This, or a similar topic, may well be your child’s first homework task of the new school year and, I am sure, often makes interesting reading for teachers. Several years ago – well before Covid 19 made working from home the norm – I was introduced to a chap at a drinks party and for some reason we got on to the topic of children’s homework.  My new acquaintance made me laugh: having been given the writing topic “What my parents do”, his son had written that his father “sits at his computer all day in his dressing gown”.  (It wasn’t until later that I discovered I had been talking to an Oscar-winning screenplay writer).

This year, “What I did in my summer holiday”s essays might make repetitive reading for teachers; summer 2020 has been a Staycation for most and hearing about someone getting into an airplane or crossing an international boarder has become something of a novelty.  My own holidays have involved 4Fs: family, friends, fresh air and France – not much to complain about there.

Teachers at boarding schools, meanwhile, have been recharging their batteries after the demands and complications of last term.  Despite the expansive boarding school buildings throughout the country lying eerily empty for most of the term, teachers were kept busy ensuring that school life continued at its usual snappy pace from April to July – albeit it at a distance.

With the help of online platforms such as Google Meets and Zoom, boarding schools adapted swiftly. From Morning Chapel to end of day homework clinics, boarding schools maintained a varied and rich timetable for every pupil. The effort put in by teachers, their energy and initiative that I witnessed from schools’ sometimes daily emails was consistently impressive. Alongside regular, real-time full academic lessons, pupils were able to continue their extra-curricular activities.  Chess club, science projects, cooking skills, photo competitions, art exhibitions, kite making, sports challenges, video film making…..the options were as comprehensive as ever – and often even more inventive.  As the mother of one French pupil who followed an online timetable for the term said, “l’école a organisé les choses admirablement bien.”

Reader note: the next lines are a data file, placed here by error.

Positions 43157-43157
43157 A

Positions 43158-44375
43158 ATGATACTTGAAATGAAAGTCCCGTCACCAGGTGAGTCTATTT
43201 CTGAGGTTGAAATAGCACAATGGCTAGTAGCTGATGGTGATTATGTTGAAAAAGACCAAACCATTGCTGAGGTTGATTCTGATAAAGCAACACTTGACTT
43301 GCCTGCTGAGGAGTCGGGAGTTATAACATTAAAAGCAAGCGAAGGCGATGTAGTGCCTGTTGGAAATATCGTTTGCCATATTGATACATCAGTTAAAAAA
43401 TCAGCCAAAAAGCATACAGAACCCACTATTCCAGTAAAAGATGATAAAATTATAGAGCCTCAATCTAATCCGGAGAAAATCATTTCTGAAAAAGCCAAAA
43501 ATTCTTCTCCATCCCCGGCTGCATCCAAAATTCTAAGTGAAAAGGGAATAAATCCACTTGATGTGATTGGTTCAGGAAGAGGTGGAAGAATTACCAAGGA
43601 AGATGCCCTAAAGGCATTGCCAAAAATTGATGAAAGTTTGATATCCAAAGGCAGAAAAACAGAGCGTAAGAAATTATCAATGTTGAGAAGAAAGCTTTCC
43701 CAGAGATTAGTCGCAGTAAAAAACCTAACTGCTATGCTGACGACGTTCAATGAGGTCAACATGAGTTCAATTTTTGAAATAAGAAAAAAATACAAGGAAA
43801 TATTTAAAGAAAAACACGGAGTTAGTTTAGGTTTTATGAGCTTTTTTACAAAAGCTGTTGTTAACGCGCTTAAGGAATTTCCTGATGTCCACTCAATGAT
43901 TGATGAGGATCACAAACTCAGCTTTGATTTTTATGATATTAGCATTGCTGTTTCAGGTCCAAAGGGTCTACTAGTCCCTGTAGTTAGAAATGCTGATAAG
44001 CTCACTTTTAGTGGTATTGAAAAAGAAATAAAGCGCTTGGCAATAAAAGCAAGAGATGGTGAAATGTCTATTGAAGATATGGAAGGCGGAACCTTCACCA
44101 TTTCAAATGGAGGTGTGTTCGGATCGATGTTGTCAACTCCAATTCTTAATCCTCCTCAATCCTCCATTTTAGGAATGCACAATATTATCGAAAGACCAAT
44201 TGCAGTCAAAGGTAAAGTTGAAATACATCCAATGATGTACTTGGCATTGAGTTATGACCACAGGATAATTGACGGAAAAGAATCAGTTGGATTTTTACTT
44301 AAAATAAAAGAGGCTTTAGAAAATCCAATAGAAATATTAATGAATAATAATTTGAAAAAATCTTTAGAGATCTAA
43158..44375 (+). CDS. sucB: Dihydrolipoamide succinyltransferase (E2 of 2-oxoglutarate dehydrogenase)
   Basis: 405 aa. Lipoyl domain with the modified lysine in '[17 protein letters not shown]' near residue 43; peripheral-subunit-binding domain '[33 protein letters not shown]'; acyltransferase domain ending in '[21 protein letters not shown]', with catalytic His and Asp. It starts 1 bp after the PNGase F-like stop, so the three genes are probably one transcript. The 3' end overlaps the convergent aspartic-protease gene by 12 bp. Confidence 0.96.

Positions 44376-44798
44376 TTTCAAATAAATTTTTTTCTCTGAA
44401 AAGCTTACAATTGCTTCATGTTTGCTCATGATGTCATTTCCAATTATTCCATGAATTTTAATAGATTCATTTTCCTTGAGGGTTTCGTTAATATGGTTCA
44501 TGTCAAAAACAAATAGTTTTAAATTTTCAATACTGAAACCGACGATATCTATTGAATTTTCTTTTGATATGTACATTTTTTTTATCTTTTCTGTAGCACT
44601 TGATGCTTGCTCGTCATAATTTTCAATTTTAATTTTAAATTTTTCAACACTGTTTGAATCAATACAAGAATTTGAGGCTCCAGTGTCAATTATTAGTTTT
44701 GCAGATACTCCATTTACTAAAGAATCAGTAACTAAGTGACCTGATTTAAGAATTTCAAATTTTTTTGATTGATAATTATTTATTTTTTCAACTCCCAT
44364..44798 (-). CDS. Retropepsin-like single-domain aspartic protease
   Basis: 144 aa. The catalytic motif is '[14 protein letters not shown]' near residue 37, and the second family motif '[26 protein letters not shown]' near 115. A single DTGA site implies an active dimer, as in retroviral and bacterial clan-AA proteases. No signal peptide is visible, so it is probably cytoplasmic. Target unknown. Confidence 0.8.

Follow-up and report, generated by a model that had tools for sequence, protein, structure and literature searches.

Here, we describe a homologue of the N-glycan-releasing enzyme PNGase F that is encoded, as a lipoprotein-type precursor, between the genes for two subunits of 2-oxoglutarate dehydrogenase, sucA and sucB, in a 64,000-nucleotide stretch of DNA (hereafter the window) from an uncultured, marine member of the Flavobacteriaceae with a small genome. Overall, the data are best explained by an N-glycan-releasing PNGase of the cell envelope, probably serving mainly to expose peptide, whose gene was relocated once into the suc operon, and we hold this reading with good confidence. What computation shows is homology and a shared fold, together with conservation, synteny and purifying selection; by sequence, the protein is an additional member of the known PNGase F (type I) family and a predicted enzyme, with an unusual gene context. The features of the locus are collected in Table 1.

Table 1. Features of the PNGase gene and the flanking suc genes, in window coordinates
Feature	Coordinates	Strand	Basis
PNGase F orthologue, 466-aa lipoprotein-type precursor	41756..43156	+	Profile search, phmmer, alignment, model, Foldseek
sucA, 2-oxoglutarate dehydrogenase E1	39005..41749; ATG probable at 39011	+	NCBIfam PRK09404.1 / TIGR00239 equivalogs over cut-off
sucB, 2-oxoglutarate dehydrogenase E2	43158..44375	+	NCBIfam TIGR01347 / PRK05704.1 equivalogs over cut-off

Of course, everyone is now very keen to get back together on site, put aside their computer screens and enjoy human camarderie once again. Staff have been working tirelessly to put into place the current stringent regulations required in order to guarantee all pupils’ health and safety as they return to school.  Most schools have signed up to the Boarding Schools Association Covid Safe Charter which gives clear guidance of the strict measures to be followed – made easier to adhere to thanks to the advantage private boarding schools have of spacious buildings, extensive grounds, small class sizes and low pupil to teacher ratios.


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